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Bank owners ignorant of merger policy

[caption id="attachment_247109" align="alignleft" width="284"] SM Amzad Hossain, chairman of South Bangla Agriculture and Commerce (SBAC) Bank Rajib Dhar/Dhaka Tribune[/caption] Although some owners are willing to let their crisis-riddled banks be merged with healthy ones, many said they still do not have a clear idea of merger policy. SM Amzad Hossain, chairman of South Bangla Agriculture and Commerce (SBAC) Bank, said: “I actually don’t understand the merger policy. If it is meant for taking over the charge of a bad bank, then for sure, we will have no objections in this regard. “There is a process of winding up through legal proceedings. If a bank is on the verge of dying, its management board should be reformed, or its name should be changed. I think there is no other alternative.”

Focus should be on depositors’ interests

Dr AB Mirza Azizul Islam, a former finance adviser to a caretaker government, said:  “Currently, there is no law in place in the country regarding the forced merger. So, why will a good bank be interested to take the liabilities of a bad bank? He also stressed the need for making sure that depositors’ interests are not hampered during the merging process. [caption id="attachment_247114" align="alignright" width="284"] File photo of Dr AB Mirza Azizul Islam Dhaka Tribune[/caption] Former Bangladesh Bank governor Dr Salehuddin Ahmed said: “A bank that fails to properly function, causes severe harm to the entire banking system as well as the economy.  Allowing banks to fail will end the policy of rewarding banks for acting in a reckless, irresponsible manner with the money they have been entrusted with.” Criticizing the authorities’ measures to save bad banks by injecting money into them, he said:  “At first, the banks should improve their management capacity to recover their bad debts and continue their business with the recovered money. Injecting public money into bad banks can never be a good practice.” Merging and declaring bankrupt should be the second and third options to mitigate such crises, he observed. “If a bad bank is merged or declared bankrupt, there must be strict measures to protect depositors’ interests,” said Dr Salehuddin, adding that in Bangladesh, it is not so easy to declare a bank bankrupt without a strong insurance policy in place to protect depositors’ interest.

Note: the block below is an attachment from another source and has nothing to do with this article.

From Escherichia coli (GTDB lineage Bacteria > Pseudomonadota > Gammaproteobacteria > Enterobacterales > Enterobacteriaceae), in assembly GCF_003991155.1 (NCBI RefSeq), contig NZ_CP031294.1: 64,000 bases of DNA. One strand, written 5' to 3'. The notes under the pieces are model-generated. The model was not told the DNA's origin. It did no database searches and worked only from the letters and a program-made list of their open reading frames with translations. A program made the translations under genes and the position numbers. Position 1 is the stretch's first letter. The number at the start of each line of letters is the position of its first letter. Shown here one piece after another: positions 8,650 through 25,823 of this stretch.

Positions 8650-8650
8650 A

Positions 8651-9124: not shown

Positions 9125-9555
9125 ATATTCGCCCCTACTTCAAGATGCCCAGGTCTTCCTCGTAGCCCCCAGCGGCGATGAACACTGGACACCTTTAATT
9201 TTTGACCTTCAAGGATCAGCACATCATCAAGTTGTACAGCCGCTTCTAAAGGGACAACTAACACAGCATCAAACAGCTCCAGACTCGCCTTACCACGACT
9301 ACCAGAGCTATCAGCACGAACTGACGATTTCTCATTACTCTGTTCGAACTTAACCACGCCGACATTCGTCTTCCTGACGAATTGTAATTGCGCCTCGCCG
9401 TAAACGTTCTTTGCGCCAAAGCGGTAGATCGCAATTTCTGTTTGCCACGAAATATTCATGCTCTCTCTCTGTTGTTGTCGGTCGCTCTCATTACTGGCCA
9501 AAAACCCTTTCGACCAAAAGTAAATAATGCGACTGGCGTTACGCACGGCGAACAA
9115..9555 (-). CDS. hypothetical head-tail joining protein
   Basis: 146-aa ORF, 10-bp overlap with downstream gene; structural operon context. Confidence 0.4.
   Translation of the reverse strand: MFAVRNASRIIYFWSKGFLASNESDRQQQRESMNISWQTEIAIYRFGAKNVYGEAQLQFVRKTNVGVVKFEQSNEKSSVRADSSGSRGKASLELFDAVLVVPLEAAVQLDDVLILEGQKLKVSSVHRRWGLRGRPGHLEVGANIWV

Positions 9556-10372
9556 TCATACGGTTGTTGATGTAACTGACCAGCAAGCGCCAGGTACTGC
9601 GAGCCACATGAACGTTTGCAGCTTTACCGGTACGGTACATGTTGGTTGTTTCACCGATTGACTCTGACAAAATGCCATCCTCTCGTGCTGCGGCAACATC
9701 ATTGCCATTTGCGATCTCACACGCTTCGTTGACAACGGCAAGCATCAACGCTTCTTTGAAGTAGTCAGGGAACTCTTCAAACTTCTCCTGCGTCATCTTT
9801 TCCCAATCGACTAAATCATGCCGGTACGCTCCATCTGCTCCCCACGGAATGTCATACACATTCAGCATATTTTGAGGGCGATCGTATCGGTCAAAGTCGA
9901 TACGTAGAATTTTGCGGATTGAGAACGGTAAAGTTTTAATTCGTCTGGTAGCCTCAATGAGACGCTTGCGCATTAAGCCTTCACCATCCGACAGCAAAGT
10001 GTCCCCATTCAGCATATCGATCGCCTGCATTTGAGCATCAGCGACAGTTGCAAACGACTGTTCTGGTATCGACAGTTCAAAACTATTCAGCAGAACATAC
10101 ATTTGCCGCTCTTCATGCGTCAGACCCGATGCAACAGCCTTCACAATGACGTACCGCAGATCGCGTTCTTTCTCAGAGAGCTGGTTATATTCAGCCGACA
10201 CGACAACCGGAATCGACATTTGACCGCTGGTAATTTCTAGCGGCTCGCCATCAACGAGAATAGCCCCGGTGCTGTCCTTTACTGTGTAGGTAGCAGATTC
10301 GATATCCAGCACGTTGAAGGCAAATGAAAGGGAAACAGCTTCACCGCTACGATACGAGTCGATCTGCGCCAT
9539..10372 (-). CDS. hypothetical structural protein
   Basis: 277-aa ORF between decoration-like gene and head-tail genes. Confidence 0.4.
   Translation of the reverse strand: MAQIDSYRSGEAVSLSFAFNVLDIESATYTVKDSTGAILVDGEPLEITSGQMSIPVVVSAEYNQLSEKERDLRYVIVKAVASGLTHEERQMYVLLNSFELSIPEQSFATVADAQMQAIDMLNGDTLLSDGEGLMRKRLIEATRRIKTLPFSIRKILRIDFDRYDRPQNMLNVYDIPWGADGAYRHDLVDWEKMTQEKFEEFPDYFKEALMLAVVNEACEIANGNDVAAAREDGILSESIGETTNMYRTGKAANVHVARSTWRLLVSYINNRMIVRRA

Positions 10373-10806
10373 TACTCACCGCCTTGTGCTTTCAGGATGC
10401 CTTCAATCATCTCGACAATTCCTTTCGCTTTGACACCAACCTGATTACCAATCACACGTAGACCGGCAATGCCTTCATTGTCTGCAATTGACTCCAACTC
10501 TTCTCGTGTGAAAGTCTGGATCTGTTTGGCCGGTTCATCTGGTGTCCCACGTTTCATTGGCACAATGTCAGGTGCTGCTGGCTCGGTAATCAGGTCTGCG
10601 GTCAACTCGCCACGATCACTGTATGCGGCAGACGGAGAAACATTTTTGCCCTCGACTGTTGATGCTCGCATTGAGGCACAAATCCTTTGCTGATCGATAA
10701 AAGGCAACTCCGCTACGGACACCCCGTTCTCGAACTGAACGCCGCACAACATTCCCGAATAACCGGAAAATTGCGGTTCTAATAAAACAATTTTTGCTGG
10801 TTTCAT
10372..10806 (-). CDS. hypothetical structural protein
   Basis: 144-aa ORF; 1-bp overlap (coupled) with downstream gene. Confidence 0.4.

[caption id="attachment_247117" align="alignleft" width="284"] File photo of former governor of Bangladesh Bank Salehuddin Ahmed Dhaka Tribune[/caption] Amid widespread controversies, Bangladesh Bank is working to find out some way to resolve the ongoing capital shortfall in Farmers Bank Ltd. On Tuesday,  it held a meeting with the Investment Corporation of Bangladesh and Sonali Bank, Janata Bank, Agrani Bank and Rupali Bank to inject around Tk1,100 crore from the state-owned entities to Farmers Bank. As of September, 2017, nine out of 57 banks faced a capital shortfall of Tk17,700 crore. The banks include Bangladesh Krishi Bank, Sonali Bank, BASIC Bank, Janata Bank, Rupali Bank, Rajshahi Krishi Unnayan Bank, Bangladesh Commerce Bank, ICB Islamic Bank, and Farmers Bank. In a latest development, seven state-owned commercial and specialized banks at a meeting on Wednesday demanded Tk20,398 crore in capital injection. The government has a recapitalization plan to inject Tk2,000 crore into the banks during the current fiscal year 2017-18.